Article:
Thereafter, the XC-99 had several owners until 1993 when the Kelly Heritage Foundation acquired it and towed it back onto the base. “We were about to renovate the XC-99 when Kelly was placed on the closure list by the 1995 Defense Base Closure and Realignment Commission,” said Duane Simpkins of the foundation in a 1998 interview. The foundation has not updated its web site for several years and did not respond to an FJ inquiry. Also in 1998, retired Major General Charles Metcalf, then director of the Air Force Museum (now the NMUSAF) told me he hoped the XC-99 could be saved but was “pretty pessimistic.”

The condition of the aircraft had deteriorated badly, in part because magnesium does not hold up under the elements.

That year, some of the XC-99 was in the museum’s restoration hangar, but most of it was in San Antonio awaiting movement. Museum spokesman Robert J. Bardua said restorers had the leading and trailing edges of the wings, wingtips, horizontal and vertical stabilizers, flight controls, tail section, engines and propellers. The rest would come later, Bardua said.

 

The traveling XC-99

Among XC-99 buffs, two myths have taken hold. The first is that the Air Force missed an opportunity to fly the plane to its museum in Dayton in 1957 for the price of fuel. The second myth is that, today, nobody in the Air Force cares. A flight to Dayton was nixed in 1957 because the cost of making the XC-99 airworthy for a one-time trip was prohibitive. Many with an interest in the aircraft worked to save it. I published an opinion piece in the trade journal Air Force Times in 1998. With enormous effort and expenditure, the XC-99 — in derelict condition — travelled by land from San Antonio to Dayton. Efforts to restore it moved in fits and starts.

It was always a challenge, in both technical and fiscal terms, The April 3 statement — gotten for us by Bardua, who is on the job 16 years later— confirms that this is the wrong budgetary era for a challenge of this magnitude.

Curiously, no one seems to have considered an obvious alternative — the Air Mobility Command Museum at Dover Air Force Base, Delaware. When I visited Dover recently, AMC Museum director Mike Leister had not heard that plans to restore the XC-99 in Dayton had been dropped.

 

A far-out prospect

Leister told me his museum would face the same challenges as the NMUSAF, He does not have funds to move the XC-99 from Dayton to Dover and would want to be better informed before working with magnesium. But Leister said he has the space, the expertise, and the volunteers to restore the XC-99. He and his staff restore large aircraft constantly. They currently display the only C-5 Galaxy on exhibit for the general public.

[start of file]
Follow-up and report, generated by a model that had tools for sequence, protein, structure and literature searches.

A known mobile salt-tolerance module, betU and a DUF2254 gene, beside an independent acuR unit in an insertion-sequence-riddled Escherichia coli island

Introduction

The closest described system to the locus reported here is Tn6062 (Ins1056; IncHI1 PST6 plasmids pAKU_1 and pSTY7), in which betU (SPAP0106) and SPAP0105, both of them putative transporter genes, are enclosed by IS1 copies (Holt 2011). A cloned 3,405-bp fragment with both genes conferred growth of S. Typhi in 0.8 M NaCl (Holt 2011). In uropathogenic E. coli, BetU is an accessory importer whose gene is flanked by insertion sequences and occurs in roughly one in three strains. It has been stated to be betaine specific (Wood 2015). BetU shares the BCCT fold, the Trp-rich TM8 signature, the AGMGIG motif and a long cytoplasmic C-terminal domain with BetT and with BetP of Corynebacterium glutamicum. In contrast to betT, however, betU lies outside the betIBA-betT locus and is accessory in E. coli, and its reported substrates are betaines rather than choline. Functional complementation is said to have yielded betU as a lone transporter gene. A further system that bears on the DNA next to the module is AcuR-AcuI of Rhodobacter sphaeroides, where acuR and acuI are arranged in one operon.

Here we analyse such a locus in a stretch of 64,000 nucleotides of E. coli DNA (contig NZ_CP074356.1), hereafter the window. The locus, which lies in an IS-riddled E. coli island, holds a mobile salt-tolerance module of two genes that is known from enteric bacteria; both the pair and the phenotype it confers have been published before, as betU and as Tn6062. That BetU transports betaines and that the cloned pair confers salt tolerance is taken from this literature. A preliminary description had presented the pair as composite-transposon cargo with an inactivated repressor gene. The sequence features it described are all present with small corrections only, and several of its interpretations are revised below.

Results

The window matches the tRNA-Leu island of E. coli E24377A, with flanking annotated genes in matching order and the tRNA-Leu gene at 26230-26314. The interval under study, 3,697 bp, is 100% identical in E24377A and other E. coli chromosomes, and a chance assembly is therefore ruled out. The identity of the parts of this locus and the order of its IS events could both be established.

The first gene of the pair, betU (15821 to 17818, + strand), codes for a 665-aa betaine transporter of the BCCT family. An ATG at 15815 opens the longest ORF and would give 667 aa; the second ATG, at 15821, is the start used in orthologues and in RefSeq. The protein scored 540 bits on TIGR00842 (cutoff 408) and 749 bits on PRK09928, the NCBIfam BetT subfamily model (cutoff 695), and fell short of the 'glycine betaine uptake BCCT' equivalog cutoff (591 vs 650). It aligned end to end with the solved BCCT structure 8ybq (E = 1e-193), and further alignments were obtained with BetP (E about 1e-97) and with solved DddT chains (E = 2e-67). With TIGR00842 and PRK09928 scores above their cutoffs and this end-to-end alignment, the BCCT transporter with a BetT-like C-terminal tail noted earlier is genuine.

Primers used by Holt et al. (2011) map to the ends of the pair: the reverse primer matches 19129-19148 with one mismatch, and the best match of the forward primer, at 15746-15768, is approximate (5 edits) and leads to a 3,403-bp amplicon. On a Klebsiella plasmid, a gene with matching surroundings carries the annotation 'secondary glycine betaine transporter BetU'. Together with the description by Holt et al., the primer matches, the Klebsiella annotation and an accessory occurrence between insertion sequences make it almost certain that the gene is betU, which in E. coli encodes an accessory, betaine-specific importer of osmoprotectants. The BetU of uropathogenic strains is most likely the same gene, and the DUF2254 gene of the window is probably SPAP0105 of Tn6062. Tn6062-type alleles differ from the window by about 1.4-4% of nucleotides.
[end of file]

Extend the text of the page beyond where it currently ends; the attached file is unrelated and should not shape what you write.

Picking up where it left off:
To me, the situation is déjà vu. I had a small role in preventing the XC-99 from rotting in San Antonio. By all accounts, it is too late now to prevent it from being placed in storage in Arizona. As a longtime supporter of the AMC Museum in Dover, I would love it if the XC-99 could be moved there, but grim realism tells me it isn’t going to happen.

The NMUSAF statement concludes: “As this aircraft is important to the NMUSAF collection and we do have concerns regarding its continued storage in the harsh Ohio climate. [Moving the aircraft to Arizona] will provide the best possible security and storage conditions until such time as final long term plans might be completed.”

It’s impossible not to think of other examples of heavy iron that should have been preserved but weren’t — the Junkers Ju 290 scrapped at Wright Field in 1947 (captured after World War II and brought here), the Lockheed R6O-1 Constitution (two built) and the Douglas C-74 Globemaster (14 built).

These aircraft would make eye-watering, educational displays and we’ve lost all of them. The combination of lack of interest, costs, and space worked against them. It’s a process that repeats itself entirely too often.

The jury is still out on the XC-99, but all signs suggest we’ll lose it too.